By KATE McILHONE.
The University of Auckland Young New Zealander of the Year Award encourages and rewards youth leadership and innovative ideas. The title will be awarded to a community-oriented individual between the ages of 15 and 30, who is striving to improve themselves as well as contribute to New Zealand’s future.
Dr. Malvindar Singh-Bains is a neuroscientist based at the University of Auckland Centre for Brain Research. She is most well known for her work in promoting brain health and awareness of neurodegenerative diseases.
In 2010, Malvindar was awarded the University of Auckland Doctoral Scholarship to complete her PhD at the Centre for Brain research, specifically focusing on Huntington’s disease. Just three years later she established the Huntington’s Disease Youth Organisation of New Zealand, a charity devoted to supporting NZ youth effected by Huntington’s Disease.
Malvindar is driven by the fact that, despite there being so much information about these diseases, there is still no cure. “Different parts of the body we can live without… but once you lose an aspect of your brain… you often find you lose a part of yourself.”
While the gene for Huntington’s is not present in Malvindar’s family, she does know what it’s like to have a family member affected by brain disease. Her maternal grandmother’s experience with severe dementia serves as a driving force for her research. “You realise that it is a real condition that affects real people and real families.”
Malvindar says that New Zealand has so much potential for innovative research, but because we are a smaller nation, these ideas can’t always be funded. Research conferences allow scientists such as Malvindar to present their research overseas, which can lead to important collaborations.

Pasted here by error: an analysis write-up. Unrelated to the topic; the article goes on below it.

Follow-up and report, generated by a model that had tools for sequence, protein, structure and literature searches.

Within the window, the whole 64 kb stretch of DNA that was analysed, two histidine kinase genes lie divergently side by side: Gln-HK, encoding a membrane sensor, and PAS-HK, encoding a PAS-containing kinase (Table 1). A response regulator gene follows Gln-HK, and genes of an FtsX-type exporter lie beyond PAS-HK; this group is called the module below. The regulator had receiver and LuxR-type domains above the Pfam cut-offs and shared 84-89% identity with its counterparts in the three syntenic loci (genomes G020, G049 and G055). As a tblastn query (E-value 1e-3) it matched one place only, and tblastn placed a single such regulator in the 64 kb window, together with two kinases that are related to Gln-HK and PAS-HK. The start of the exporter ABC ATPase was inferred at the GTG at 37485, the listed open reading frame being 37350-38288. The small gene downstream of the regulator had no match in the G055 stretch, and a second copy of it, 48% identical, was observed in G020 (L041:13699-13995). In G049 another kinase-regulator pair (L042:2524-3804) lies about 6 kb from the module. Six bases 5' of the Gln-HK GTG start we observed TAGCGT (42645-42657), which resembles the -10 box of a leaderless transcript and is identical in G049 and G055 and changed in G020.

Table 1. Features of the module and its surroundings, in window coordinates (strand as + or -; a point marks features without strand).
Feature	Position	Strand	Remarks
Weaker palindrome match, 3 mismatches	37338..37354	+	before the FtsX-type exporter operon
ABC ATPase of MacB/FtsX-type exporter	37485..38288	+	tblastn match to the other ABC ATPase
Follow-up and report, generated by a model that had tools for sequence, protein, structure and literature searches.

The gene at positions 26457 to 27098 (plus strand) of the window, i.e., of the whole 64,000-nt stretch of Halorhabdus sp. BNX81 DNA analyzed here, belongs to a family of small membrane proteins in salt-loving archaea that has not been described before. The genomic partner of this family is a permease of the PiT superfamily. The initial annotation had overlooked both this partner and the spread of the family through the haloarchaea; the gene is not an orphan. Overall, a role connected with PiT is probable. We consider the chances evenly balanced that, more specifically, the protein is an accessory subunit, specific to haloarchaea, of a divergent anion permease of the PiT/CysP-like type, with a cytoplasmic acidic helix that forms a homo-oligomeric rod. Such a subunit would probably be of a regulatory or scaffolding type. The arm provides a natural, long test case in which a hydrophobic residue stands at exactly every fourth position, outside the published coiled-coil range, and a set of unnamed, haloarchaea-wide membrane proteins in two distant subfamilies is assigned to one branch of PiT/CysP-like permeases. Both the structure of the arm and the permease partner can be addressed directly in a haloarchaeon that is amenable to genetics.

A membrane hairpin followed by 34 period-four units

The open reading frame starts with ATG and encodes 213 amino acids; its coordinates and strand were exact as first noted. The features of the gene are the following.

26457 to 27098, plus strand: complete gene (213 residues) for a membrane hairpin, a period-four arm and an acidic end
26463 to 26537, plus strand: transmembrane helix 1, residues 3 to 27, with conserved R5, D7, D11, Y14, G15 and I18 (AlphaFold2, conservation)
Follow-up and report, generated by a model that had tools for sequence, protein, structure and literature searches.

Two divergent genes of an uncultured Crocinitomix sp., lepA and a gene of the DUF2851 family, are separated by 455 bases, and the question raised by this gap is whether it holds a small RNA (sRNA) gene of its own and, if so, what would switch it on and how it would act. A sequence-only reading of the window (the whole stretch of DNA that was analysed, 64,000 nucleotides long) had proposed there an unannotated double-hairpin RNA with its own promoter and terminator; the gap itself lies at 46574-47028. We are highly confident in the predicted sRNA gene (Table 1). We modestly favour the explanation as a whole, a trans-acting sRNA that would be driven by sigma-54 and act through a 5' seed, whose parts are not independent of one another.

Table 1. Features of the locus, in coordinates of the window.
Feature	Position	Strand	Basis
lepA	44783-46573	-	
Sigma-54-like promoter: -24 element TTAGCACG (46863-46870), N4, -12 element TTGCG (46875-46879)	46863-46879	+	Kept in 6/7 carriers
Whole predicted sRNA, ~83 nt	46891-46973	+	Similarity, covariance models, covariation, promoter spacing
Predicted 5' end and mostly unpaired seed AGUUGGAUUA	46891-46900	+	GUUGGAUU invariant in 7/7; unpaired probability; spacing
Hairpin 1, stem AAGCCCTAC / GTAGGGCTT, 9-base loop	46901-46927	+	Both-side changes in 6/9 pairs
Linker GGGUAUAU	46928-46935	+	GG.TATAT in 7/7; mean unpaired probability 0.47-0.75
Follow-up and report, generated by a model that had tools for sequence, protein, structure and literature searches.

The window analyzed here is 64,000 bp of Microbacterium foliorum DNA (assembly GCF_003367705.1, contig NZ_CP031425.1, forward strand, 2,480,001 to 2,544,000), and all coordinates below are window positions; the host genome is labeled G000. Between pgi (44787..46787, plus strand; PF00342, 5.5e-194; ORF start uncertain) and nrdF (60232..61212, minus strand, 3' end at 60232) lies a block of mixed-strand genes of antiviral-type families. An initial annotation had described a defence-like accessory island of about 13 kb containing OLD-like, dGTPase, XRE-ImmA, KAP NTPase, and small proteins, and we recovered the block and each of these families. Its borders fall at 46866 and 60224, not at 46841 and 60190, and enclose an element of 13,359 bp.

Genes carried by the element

In August 2014, Malvindar was one of the youngest speakers to present at the Hereditary Disease Foundation Conference in Boston. “That was a really amazing experience simply because all of the people I was presenting to were people who had dedicated their entire lives to researching Huntington’s disease.”
While this has been the highlight of Malvindar’s career thus far, she says that speaking to Kiwi youth about brain health is an equally rewarding experience.
Malvindar has played a crucial role in encouraging youth to recognise the importance of “looking after your brain”. Here are her four main tips to maintaining a healthy brain:
- Eat healthy food and exercise regularly. If you eat lots of high fat and high sugar food you are putting your brain under lots of stress which can affect your concentration and thinking.
- Wear a helmet when doing sports such as rugby or skateboarding. If you get a knock to the head, get it checked out.
- Turn off the TV and get thinking. Brain training exercises such as sudoku, reading and interactive gaming can help push back the onset of brain diseases later in life.
- Stay away from addictive substances which alter the chemical balances in your brain.
On her nomination, Malvindar commented “I’m not used to all this, I’m just a normal New Zealander who does my thing. I don’t really think about acclaim. I’m just quite overwhelmed by all of this.”
Aged 15, Matt Strawbridge is the youngest nominee this year. He founded his website Dyslexia Potential two years ago, aged only 13. Having struggled with dyslexia from a young age, Matt used his experiences to establish a website that shares step-by-step guides and learning resources designed to help dyslexic youth. “I’d always wanted to help other dyslexic kids and then everything fell into place from there.”
More recently, Matt set up another website called TutorBook. This website allows dyslexic students to book Skype sessions with tutors who are in the education sector, or are studying at university level.